Don’t Touch that Dial

You old codgers my age will remember that on Morton Feldman’s vinyl recordings from the ’70s, there was often a warning on the back cover: “Play at a low volume level.” The music was supposed to be soft, but it seemed a disservice to record it at a low level – might as well get the best signal-to-noise ratio possible and leave the composer’s intended dynamics to the mercy of the consumer and his volume knob. Well, pianist Marilyn Nonken gave me her new Mode recording of Feldman’s Triadic Memories, and told me that it had been recorded very close-miked on a magnificent piano so that you could hear every nuance of what went on around the piano strings, and therefore I needed to play it at a quiet level. I chuckled at the memory, and then, sure enough, on the back of the program booklet is a warning in big letters: “play softly.”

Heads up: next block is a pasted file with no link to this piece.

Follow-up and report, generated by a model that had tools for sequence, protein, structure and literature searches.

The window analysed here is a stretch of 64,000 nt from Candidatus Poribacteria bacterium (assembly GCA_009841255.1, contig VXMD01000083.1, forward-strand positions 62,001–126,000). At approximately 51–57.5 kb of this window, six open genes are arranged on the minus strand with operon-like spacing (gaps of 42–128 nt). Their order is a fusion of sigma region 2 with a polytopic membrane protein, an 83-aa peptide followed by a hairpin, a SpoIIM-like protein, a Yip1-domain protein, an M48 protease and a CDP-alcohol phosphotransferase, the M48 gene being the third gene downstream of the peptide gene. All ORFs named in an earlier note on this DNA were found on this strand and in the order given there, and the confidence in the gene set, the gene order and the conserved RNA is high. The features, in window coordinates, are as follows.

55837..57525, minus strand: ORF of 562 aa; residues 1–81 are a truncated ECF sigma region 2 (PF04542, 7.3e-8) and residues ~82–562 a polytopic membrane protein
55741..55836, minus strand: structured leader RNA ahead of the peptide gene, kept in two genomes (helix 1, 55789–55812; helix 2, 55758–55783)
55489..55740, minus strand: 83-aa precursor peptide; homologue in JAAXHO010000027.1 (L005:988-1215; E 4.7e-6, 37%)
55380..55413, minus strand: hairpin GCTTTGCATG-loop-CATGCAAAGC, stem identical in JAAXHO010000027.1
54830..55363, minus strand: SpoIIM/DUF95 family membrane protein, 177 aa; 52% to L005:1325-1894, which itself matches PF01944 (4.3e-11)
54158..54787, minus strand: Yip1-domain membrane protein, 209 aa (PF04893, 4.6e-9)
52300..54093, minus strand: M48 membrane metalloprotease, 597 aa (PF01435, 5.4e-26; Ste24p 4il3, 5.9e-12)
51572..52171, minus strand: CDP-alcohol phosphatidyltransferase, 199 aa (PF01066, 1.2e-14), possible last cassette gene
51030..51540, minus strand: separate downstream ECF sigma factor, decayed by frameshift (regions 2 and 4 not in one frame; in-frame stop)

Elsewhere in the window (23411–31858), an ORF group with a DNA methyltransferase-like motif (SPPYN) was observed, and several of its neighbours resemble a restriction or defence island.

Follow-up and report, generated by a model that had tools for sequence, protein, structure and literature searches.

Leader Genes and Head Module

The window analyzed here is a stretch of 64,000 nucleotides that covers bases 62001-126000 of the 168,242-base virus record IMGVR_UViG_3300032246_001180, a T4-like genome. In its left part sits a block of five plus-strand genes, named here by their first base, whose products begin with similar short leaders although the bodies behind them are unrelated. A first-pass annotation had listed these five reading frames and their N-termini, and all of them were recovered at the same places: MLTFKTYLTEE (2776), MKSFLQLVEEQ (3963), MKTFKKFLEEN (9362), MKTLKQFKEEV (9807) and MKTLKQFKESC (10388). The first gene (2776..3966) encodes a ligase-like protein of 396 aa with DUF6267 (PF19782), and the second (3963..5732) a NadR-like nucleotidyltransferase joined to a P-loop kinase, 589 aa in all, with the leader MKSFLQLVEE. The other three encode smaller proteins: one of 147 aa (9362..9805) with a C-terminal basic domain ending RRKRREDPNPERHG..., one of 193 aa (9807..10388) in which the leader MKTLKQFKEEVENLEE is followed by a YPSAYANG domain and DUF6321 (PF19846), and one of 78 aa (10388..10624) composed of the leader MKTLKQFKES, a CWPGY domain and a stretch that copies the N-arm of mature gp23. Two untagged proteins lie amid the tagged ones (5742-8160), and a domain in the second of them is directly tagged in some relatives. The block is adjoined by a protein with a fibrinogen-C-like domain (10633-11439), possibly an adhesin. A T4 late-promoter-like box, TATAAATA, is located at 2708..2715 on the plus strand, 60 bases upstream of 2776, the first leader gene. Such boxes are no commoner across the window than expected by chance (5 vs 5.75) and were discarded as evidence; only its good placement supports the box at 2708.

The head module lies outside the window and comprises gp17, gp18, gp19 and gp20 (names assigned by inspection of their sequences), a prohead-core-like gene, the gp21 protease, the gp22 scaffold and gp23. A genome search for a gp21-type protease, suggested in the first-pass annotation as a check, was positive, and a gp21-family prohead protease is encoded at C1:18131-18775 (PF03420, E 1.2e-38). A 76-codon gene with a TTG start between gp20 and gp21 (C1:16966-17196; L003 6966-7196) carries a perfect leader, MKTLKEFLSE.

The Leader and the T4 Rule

Well, she’s right. The sound on this disc is so superbly present that if you leave your stereo at a normal level, you get the bizarre effect of a piano being softly played and outrageously amplified. You have to turn it down, and even so, every detail is just as close as if you were leaning over the soundboard while she plays. Nonken’s performance is equally detailed. There’s such a temptation with Triadic Memories – Feldman’s greatest piano piece, and thus one of the great piano works of the 20th century, 80 to 90 minutes long and now available on at least seven different recordings – there’s such a temptation to smooth out the prickly rhythms, and let the music float and turn ambient. Nonken resists. Her rhythms twist and turn with Feldman’s peculiar notation, and her tone color, though soft, is melodically urgent, not self-effacing. It’s a dynamite performance captured on a spectacularly pristine recording.